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Blog posting written by Rebecca Cox, Cinema and Photography, ’16, FLEFF Intern, Lebanon, Pennsylvania.

Of the multiple times I have visited Ithaca College’s intimate Handwerker Gallery, its capacity has never felt so full as it did Thursday, March 30 at 6 p.m.

There were a few dozen black chairs angled around a podium illuminated by a lone […]

October 18th, 2016|Pakistan|0 Comments

On Sir Syed Ahmad Khan

C.M. Naim’s, A Professor Emiretus had shared this some months ago:

“What an extraordinary man he was. Iftikhar Alam Sahib has been publishing books about him — about his little known aspects, the kind of things that our buqrat in Urdu departments never think to write about and our social scientists have never bothered to discover.
The […]

The party line

My exclusive interview for the Friday Times with Kamran Asdar Ali about his book and the history of the Pakistani left

Your book employs an interdisciplinary approach with literary texts playing a major part. What were the key reasons for adopting such a hybrid approach?

As I am trained as an anthropologist, my impulse has been […]

Media in the Cross Hairs: Militants continue to Target Journalists in Pakistan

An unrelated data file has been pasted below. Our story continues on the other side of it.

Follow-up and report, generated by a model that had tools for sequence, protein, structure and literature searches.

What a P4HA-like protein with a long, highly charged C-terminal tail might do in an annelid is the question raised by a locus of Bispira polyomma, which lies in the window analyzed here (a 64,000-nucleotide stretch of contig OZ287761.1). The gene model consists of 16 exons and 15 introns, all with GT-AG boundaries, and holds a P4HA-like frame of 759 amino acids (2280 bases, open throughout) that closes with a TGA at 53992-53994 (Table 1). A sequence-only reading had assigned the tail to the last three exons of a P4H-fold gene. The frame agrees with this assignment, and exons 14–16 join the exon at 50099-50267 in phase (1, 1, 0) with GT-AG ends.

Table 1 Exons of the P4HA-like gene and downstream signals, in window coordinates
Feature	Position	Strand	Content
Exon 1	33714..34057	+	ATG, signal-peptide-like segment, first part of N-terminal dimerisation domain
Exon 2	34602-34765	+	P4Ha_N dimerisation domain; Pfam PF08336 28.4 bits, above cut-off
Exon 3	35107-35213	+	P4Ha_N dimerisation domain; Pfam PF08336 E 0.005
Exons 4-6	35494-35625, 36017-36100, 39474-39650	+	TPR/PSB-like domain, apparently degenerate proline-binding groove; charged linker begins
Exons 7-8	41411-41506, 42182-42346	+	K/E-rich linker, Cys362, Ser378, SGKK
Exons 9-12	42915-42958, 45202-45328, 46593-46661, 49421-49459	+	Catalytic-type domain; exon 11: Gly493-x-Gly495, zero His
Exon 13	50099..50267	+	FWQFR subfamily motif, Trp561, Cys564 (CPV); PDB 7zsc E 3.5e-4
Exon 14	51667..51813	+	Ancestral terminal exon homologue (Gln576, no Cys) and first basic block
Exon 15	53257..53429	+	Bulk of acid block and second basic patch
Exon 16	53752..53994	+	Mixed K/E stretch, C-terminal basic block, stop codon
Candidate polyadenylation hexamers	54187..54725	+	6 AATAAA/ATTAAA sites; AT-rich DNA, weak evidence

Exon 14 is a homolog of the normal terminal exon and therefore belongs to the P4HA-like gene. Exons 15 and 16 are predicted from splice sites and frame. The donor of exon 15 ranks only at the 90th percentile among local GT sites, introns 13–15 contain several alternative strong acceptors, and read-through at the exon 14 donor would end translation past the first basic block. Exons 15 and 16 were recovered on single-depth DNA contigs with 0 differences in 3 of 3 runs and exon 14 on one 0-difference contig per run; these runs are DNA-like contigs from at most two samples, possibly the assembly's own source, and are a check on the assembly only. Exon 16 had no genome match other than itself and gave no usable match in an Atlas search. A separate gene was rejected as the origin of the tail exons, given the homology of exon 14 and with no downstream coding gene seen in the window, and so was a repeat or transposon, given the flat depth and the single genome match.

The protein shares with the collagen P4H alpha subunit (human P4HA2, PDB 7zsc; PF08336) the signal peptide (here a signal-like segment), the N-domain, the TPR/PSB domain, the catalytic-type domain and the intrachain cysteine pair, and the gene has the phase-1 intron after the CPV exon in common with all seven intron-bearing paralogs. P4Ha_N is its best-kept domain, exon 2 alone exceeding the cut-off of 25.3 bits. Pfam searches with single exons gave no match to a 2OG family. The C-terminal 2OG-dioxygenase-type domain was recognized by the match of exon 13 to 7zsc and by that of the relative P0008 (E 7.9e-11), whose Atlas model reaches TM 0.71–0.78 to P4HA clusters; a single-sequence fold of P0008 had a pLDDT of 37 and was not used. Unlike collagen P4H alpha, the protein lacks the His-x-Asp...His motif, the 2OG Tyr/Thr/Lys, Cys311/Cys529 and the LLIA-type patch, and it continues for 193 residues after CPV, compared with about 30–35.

Despite the commitments of the Pakistan government to protect journalists, media freedoms remain endangered in the country. Pakistani journalists continue to struggle with the threats posed by violent extremists who consider media to be a legitimate target. In fact, extremists often target the media because it ensures that they will get publicity in the form of coverage.


My interview with Interfaith Radio, DC

April 4th, 2016|Extremism, Islam, Pakistan, Peace, Personal|1 Comment

Pakistan Needs Deradicalization Programs. Force Alone Won’t Cure Intolerance


Even by Pakistan’s warped standards, recent turmoil in the country is extraordinary. On Sunday, a suicide bombing in a public park in Lahore killed more than 70 people and injured at least 300. Most were women and children. A Taliban splinter group that treats non-Muslims as inferior claimed the Lahore attack was an assault on Pakistan’s small and marginalized Christian community, taking advantage of the tradition of celebrating religious festivals in public spaces.

While Lahore was still grappling with the immense tragedy, a rally in Islamabad turned violent. Thousands of demonstrators had turned out to protest the execution of Mumtaz Qadri, a former policeman who murdered a governor who had dared to criticize Pakistan’s draconian blasphemy laws.

The demonstration was organized by groups that follow relatively peaceful branches of Islam in South Asia. The protestors burned vehicles and reached the Parliament building in a high security zone. Their demands — other than declaring the executed policeman an official martyr — include the imposition of an Islamic system in Pakistan.


A twist in the tale


My Interview conducted by Abdullah Khan for Earthen Lamp Journal:

ELJ: Tell us something about your journey from being a civil servant to a journalist and then to a writer of non-fiction books.

RR: It has been a mad, chaotic yet edifying journey. I have been a civil servant in Pakistan and then with the Asian Development […]